One of great pioneers of the electric guitar, Les Paul, died yesterday at 94. It’s hard to imagine anyone from The Beatles, Jeff Beck to Jack White without him. But he was not only an extraordinary and fluid player, he also invented the solid body of the electric guitar. His innovation of overdubbing tracks. to create the sound of multiple performers, was a revolutionary process that would leave Pink Floyd and Frank Zappa forever in his debt. Paul went on to invent tape delay and phasing effects which not only enhanced his own performances, but the very process of recording music.
His playing style featured notes that lept off the fretboard like Django and his chording sequences stylistically wed jazz scales and the rhythms of what would become rock and roll. Paul did a series of great pop recordings with his wife Mary Ford in the early ‘50s. Their most famous being “How High the Moon” seen in this TV clip where he gets to demonstrate the overdubbing process.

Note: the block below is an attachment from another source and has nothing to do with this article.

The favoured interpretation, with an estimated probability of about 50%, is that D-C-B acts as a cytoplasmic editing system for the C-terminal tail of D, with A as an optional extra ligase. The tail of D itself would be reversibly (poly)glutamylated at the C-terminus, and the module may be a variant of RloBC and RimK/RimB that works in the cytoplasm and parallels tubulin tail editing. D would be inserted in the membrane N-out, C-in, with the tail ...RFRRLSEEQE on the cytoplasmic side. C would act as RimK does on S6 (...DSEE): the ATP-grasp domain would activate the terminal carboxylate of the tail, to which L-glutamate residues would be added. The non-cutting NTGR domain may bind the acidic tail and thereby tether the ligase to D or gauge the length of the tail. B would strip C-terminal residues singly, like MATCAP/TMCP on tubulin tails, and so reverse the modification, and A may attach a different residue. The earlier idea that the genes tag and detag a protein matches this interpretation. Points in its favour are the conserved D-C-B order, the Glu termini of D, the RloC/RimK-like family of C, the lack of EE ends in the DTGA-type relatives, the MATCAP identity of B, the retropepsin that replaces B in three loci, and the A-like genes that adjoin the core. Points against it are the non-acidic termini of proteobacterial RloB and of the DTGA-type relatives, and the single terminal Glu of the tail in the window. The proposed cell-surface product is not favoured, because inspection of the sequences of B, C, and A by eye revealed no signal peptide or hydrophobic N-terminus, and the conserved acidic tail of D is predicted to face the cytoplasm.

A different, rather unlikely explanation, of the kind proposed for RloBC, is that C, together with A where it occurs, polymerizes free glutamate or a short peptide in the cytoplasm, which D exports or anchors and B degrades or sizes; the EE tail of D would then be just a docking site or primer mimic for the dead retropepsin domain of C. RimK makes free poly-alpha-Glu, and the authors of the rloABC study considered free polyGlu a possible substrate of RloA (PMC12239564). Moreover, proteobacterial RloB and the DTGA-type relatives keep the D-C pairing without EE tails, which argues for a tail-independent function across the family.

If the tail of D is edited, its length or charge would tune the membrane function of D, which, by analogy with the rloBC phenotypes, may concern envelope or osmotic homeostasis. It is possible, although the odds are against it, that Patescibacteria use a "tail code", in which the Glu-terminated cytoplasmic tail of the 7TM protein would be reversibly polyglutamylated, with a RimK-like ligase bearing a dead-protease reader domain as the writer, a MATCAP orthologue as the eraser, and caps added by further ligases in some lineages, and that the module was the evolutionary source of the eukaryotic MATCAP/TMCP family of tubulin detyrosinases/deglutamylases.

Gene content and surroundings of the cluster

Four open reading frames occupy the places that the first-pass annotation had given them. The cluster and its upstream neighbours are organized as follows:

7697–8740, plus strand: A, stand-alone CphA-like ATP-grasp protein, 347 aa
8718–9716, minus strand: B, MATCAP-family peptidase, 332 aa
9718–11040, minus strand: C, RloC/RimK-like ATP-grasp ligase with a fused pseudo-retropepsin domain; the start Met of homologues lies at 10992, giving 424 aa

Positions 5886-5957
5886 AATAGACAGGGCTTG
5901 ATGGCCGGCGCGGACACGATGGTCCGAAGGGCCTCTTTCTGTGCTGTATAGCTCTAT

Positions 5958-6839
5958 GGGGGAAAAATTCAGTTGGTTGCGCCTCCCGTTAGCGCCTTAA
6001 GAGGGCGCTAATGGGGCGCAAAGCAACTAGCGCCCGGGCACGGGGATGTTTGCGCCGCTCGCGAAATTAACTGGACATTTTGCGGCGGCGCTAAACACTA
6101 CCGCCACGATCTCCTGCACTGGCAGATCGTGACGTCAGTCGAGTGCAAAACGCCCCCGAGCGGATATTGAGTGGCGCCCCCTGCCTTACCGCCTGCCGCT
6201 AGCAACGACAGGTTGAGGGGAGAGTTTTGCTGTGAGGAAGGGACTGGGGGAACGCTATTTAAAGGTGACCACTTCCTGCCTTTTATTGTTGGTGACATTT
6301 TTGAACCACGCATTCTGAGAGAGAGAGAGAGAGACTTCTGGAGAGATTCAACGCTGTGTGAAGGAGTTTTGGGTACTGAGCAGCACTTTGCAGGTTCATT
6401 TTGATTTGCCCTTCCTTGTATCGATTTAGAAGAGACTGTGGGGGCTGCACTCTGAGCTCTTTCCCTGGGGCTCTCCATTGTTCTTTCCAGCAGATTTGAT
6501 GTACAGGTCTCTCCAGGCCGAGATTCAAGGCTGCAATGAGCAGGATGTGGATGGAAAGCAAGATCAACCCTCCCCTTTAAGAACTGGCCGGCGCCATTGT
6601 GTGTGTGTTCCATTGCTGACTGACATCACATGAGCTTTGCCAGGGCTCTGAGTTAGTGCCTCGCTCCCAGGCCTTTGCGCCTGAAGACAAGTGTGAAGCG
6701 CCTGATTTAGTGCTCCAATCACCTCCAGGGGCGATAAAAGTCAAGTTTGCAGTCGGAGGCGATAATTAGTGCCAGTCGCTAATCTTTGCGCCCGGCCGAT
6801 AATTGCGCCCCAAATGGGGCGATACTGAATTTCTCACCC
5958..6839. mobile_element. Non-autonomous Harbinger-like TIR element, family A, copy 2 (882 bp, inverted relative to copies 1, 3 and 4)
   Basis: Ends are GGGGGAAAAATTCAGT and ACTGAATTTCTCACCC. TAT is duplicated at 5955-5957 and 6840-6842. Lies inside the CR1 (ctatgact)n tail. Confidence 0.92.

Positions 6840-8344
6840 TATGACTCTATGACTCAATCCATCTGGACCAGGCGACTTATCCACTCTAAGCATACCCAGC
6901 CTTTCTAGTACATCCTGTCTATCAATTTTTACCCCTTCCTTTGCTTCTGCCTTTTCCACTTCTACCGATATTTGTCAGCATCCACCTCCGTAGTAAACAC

Watch here: http://www.youtube.com/watch?v=W0B2Wtvznfc
In the end, there was no finer and classier guitar stylist. The continued popularity of the Gibson Les Paul rightly commemorates his legacy.